All posts from
August 2005

Open New Windows for PDF and other Non-Web Documents

“When using PC-native file formats such as PDF or spreadsheets, users feel like they’re interacting with a PC application. Because users are no longer browsing a website, they shouldn’t be given a browser UI.” (Jakob NielsenAlertbox)

The Psychology of Search: Chapter Three

“You often search because you have poor memory. But, it isn’t so poor that you are a blank slate, tabula rasa. No, instead, you have a clue and you are buying more clues with every search you do. Let’s cut to the core of this.” (John Rhodes – WebWord)

Adaptive Path || User Experience Week Wiki

“Welcome to the UX Week Wiki – Feel free to change any page, that’s the point of a wiki.” (SocialText) – courtesy of jeffveen and peterme

Metrics make the case for quality content

“The essential business case of a website is self-service. To maximize value from self-service, you want a limited menu, a fast transaction and a significant volume of people.” (Gerry McGovern)

Online Communities: Design, Theory, and Practice

“This special thematic section of the Journal of Computer-Mediated Communication brings together nine articles that provide a rich composite of the current research in online communities. The articles cover a range of topics, methodologies, theories and practices. Indirectly they all speak to design since they aim to extend our understanding of the field. The variety shown in these articles illustrates how broad the definition is of this rapidly growing field known as ‘online communities.'” (Jenny Preece and Diane Maloney-Krichmar – JCMC 10.4) – courtesy of elearningpost

Getting IA Done, Part II

“When you start a site map, even as a paper sketch, take that opportunity to immediately start putting ID numbers on pages. Don’t wait until later. Having the IDs then gives you a baseline vocabulary to use in any subsequent docs, and you’re free to decide on ‘friendly” names later. It can help you avoid a lot of confusion later.” (Joshua KaufmanDigital Web Magazine)

Designing medicine information for people

“This paper introduces you to the methods for designing usable medicine information by showing you how medicine information design has grown out of the traditional crafts, and more recently, out of the design professions. It is an introduction to your training in medicine information design.” (David Sless and Ruth Shrensky – CRIA)

Quality, not quantity: Delivering value from web content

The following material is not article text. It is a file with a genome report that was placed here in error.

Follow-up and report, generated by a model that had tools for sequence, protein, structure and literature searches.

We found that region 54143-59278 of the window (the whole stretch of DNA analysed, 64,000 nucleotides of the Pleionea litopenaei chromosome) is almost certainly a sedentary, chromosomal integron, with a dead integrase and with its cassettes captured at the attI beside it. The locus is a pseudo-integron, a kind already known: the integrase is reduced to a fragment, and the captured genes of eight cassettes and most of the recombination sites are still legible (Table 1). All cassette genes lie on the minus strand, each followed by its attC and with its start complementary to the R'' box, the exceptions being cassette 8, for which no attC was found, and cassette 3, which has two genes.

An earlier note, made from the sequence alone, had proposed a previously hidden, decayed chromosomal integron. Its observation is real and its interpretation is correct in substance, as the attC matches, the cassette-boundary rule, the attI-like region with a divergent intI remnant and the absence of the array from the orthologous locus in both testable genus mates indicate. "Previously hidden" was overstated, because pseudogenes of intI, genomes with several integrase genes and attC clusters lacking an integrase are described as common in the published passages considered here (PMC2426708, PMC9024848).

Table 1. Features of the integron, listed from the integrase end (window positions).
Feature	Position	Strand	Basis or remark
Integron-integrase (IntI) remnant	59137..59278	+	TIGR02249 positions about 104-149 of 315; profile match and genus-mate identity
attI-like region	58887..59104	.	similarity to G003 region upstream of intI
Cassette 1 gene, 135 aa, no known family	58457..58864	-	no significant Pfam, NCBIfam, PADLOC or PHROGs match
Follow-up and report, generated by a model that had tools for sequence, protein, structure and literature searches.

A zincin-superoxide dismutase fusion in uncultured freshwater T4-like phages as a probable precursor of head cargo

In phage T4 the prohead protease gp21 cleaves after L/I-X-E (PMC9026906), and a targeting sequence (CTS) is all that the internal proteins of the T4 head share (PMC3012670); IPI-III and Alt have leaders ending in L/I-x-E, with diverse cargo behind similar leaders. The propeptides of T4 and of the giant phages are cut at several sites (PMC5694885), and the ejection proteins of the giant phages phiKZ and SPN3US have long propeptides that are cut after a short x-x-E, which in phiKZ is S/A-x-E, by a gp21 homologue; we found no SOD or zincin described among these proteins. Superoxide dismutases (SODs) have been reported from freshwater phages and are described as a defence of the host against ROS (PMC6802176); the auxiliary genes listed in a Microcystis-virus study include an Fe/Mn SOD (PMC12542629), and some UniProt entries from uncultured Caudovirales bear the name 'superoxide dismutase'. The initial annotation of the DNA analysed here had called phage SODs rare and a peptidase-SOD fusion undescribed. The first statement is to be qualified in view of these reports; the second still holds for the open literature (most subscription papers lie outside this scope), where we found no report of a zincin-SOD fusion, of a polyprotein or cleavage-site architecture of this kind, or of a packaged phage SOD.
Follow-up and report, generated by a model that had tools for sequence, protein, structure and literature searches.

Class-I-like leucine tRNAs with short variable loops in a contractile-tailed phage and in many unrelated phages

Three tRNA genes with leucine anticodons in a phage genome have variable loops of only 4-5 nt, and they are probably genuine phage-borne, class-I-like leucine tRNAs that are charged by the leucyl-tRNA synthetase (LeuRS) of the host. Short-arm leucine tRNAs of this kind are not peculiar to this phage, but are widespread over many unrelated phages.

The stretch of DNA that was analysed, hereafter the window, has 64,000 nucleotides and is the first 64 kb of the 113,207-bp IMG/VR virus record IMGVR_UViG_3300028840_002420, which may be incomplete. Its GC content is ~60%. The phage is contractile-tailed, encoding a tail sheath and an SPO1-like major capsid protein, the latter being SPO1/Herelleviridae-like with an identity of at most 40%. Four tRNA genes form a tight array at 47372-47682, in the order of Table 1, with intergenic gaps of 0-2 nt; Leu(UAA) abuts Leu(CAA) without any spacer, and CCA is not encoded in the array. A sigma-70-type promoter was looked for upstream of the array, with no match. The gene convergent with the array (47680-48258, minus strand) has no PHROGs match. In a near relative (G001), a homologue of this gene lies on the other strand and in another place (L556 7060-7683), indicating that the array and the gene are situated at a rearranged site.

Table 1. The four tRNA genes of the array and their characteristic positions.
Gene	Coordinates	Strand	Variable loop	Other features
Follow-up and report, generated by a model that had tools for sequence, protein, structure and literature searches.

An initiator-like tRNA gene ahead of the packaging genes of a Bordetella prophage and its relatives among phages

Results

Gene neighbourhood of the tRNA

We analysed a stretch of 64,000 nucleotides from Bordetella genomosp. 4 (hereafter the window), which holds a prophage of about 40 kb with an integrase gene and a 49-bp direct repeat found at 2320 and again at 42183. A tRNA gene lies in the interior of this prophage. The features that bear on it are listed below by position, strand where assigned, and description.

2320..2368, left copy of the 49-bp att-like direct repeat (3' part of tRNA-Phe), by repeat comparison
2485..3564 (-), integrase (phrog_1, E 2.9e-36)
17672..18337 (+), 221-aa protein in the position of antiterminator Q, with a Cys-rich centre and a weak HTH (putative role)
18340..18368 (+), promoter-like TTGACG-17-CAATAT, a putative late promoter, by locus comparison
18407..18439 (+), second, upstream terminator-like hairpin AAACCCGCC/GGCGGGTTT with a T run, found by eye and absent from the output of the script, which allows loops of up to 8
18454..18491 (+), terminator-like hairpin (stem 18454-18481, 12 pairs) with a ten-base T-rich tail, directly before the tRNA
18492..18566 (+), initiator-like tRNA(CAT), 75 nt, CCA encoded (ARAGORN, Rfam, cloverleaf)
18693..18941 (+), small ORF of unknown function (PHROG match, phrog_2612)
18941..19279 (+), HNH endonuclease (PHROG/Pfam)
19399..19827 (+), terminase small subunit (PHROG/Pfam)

“Maintaining the quality of your content is critical to the long term success of your website. That involves establishing rigorous pre and post publication editorial processes.” (Gerry McGovern)


“(…) a card sorting application for Mac OS X. It allows you to easily define a new card sorting problem, perform several sessions with multiple participants, and finally analyze the results (using multiple criteria) and generate printable reports.” (iPragma) – courtesy of theotherblog

Persona Non Grata

“Solid personas can be incredibly helpful. Several years ago, Schwab redesigned its site based on three primary personas: the learner, the active trader, and the serious investor. Apple has had some great successes designing for an aesthete persona who demands that things look clean and work smoothly.” (Dan ShafferAdaptive Path)

How firms can co-create knowledge with their customers

“The paper defines the ‘story of co-creation’, explores his research question, presents a conceptual framework for market-learning capabilities (before and after co-creation) and suggests some of the challenges to be resolved when conducting the research.” (Putting people first) – courtesy of cph127

Putting A/B Testing in Its Place

“Measuring the live impact of design changes on key business metrics is valuable, but often creates a focus on short-term improvements. This near-term view neglects bigger issues that only qualitative studies can find.” (Jakob NielsenAlertbox)

Methods to the Madness

This is the second article in the four-part series. – “Neither praying nor cursing is likely to do a mobile site any good, especially if done in tandem.” (Authentic Boredom) – courtesy of nickfinck

Simplicity is hard work

“I’m sure that within Philips there is a genuine belief that it is important to make their products as simple as possible to use. However, there is a big difference between marketing your products as simple to use and making them genuinely simple.” (Gerry McGovern)

Tutorial Review: Creating Passionate Users

“An industry that Kathy believes that we can learn from is the gaming industry. Game designers use two key techniques to keep players engaged in a game. First, they produce a state of flow. (…) flow is defined as the feeling of complete and energized focus in an activity, with a high level of enjoyment and fulfillment. One situation that demonstrates flow is when we become so engrossed with something we are doing, we loose track of time. Secondly, game designers provide an experience spiral. Basically this involves using a compelling benefit to motivate players to complete the loop (the level).” (Kevin

Keith Instone’s Weblog

“This is my new site. It will slowly include these other sites of mine (…). If you are looking for something specific, chances are it is still at one of those other sites.” (Keith Instone)